Hard times

BMJ 1995; 310 doi: (Published 25 March 1995) Cite this as: BMJ 1995;310:809
  1. Judith Hollis-Triantafillou

    Our KAPI centre is in trouble and, as so often seems to be the case these days, the root problem is a financial one. We are a community based, open care centre for older people, supplying health, social, and recreational services to our members, and, although one of over 250 such centres throughout the country, we do have some special characteristics that make our situation somewhat different from the others.

    Firstly, we were and continue to be regarded as one of the prototype KAPI centres that were piloted in the late 1970s and acted as a model on which the whole network was based. Secondly, while local authorities administer all other KAPIs, our governing body is the Volunteers' Association, which as far back as the 1950s established a small centre called “Granny and Grandad's corner,” run entirely by volunteers and serving the pressing needs of elderly people in a poor suburb of Athens with a rapidly growing population consisting largely of Greek refugees from Asia Minor. The acknowledgment of the importance of this service with the grant of government financial aid in the late 1970s enabled the project to expand and employ professional staff, but the unique spirit of volunteerism pervading the centre from its initiation has meant that the staff, in recognition and support of this contribution, have accepted lower salaries than their local authority employed colleagues. At the same time our more independent status has made us less subject to political whims and manipulations over the years, and we have been able to enjoy developing our services in close cooperation with the members and the volunteers and even to “export” our ideas to other interested countries.

    However, increasing financial strictures have led to cracks appearing in the smooth surface of our cooperative venture, revealing underlying flaws that we had been only vaguely aware of but now have to deal with before the whole project collapses. One by one we have trimmed services to fit a decreasing budget, and the extremely popular recreational programme has been kept going only by the fundraising activities of the members themselves. In December, with not a drachma in the till and an ancient drainage system completely blocked, an approach was made to the members' committee to use for the repairs some of the funds raised for a three day trip to the Pelopponese. This request was refused, with accusations of economic mismanagement and a demand for making public a detailed financial statement for 1994. Shock, outrage, and hurt feelings from the Volunteers' Association (“After all we've done for them!”); a declaration of their rights from the members (“We raised the money and can decide what's to be done with it”); the staff in the middle trying unsuccessfully not to take sides.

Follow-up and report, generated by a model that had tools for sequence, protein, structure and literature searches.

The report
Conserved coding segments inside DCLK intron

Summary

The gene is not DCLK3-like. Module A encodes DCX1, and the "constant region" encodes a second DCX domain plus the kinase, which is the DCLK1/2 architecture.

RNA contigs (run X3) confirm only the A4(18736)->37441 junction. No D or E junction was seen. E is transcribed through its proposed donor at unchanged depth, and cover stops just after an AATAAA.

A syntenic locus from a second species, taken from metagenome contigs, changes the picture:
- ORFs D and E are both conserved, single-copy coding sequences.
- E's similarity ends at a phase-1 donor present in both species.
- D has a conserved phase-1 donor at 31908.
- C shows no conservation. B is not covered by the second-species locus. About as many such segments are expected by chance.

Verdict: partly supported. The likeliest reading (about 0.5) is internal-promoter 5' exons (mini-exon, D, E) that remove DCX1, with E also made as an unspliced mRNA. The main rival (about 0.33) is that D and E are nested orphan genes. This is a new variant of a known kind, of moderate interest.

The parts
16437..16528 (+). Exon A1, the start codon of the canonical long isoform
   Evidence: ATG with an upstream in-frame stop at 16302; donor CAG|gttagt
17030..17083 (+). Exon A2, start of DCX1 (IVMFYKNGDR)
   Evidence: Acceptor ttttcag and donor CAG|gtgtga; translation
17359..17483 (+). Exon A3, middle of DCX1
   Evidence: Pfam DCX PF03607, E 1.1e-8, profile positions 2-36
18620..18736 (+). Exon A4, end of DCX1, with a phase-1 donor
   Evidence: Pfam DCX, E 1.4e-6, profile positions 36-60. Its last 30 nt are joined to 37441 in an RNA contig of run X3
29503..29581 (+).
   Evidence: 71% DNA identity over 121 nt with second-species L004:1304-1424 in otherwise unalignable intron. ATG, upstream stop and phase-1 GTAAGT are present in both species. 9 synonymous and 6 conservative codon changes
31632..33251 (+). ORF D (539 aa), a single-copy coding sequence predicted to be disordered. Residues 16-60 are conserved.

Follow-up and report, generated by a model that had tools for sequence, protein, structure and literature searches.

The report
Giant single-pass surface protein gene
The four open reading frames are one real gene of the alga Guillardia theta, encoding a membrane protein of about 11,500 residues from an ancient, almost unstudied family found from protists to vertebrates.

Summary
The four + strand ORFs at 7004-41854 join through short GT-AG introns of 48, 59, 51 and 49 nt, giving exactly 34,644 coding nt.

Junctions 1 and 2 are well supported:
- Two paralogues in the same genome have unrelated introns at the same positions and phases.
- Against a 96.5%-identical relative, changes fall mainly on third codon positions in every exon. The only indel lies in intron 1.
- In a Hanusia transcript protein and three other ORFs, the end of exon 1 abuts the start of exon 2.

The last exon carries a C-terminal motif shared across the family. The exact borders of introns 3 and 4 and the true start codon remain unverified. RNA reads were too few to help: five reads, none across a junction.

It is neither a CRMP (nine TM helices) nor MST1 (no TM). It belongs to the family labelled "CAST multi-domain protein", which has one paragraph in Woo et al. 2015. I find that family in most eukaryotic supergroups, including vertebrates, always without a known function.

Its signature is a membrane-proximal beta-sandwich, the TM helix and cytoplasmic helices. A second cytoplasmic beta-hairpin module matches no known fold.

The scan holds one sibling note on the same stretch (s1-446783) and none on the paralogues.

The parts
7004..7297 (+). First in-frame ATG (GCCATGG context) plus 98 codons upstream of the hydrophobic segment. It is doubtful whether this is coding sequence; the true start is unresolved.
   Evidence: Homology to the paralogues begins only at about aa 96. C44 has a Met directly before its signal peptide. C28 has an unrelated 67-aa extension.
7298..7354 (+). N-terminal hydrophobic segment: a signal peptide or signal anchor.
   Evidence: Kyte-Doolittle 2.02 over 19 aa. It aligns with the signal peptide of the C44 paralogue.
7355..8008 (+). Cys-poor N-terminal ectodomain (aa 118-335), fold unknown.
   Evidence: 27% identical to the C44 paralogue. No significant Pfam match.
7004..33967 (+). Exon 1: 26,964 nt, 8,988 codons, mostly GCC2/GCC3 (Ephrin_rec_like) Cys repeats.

When the dust has settled maybe we can survive by putting into practice some hard learned facts: that volunteer services must be run professionally; that staff must be actively involved in management; and that members have responsibilities as well as rights.—JUDITH HOLLIS-TRIANTAFILLOU, general practitioner, Athens, Greece

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